When Corvallis Was On The Bottom Of A Lake

Lake Missoula, from the National Parks Service

Did you know that the ground upon which Corvallis now stands was previously on the bottom of a series of lakes, each of them formed when a dam burst up in Montana?

The dam in question was actually a glacier, one small part of the last Ice Age. It blocked the flow of the Columbia River, causing its waters to form Lake Missoula, a body of freshwater that commanded 3,000 square miles – larger than all of the modern Great Lakes combined. Eventually, the ice dam broke, and Lake Missoula drained as an immense flood, rushing down the Columbia Gorge in a torrent – one small backwash of which filled up the Willamette Valley and turned it into Lake Allison.

A few hundred years later, the glacier expanded and once again dammed up the Columbia, allowing Lake Missoula to fill up while Lake Allison drained. A few hundred years after that, the ice melted and, you guessed it, the dam burst again. Lake Missoula drained, and the Willamette Valley became Lake Allison. Noticing a trend here?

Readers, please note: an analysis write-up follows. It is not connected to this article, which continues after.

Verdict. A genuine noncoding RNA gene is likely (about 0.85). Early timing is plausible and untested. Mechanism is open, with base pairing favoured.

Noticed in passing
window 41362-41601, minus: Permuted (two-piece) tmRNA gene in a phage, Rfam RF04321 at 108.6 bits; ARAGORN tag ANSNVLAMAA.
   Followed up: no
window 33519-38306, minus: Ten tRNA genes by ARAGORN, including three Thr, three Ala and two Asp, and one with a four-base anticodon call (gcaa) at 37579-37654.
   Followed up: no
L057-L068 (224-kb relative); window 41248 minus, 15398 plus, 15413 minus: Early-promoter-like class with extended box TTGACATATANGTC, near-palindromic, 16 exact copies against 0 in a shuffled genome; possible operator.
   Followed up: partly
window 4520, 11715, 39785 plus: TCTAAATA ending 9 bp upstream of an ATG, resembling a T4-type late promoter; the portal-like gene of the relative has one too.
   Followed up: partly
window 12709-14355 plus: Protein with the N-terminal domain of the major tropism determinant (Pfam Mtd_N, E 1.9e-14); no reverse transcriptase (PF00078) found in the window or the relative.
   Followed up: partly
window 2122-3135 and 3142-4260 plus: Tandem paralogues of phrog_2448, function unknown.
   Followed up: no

Having happened several times, each time a thick layer of mud was deposited on the valley floor. That’s why the Willamette Valley is mostly flat: it’s carpeted in soil washed away from Montana and Washington.

Those two neighboring states show it, as well. The region downstream of where Lake Missoula used to be in Washington is known as the Channeled Scablands, and it’s almost entirely jagged rock without any soil at all. During the cycle described above, most of it ended up washing out right out into the Pacific, with a little bit spared for the Willamette floor.

As far as we know, there were no humans living in the New World at that time. If there were, they’d probably have found the Willamette Valley as an inviting place to live, and then would have been completely wiped out when Lake Missoula flooded. For that matter, people living on the shores of Lake Missoula would have suffered terribly when their lake went away as well.

Of course, we can’t discuss this topic without mentioning Corvallis, Montana, which is hundreds of miles from Corvallis, Oregon. You’ve probably never been there. However, there are some boulders near our Corvallis that were washed here from the vicinity of Corvallis, Montana. Yes, boulders. These were quite big floods.

By John M. Burt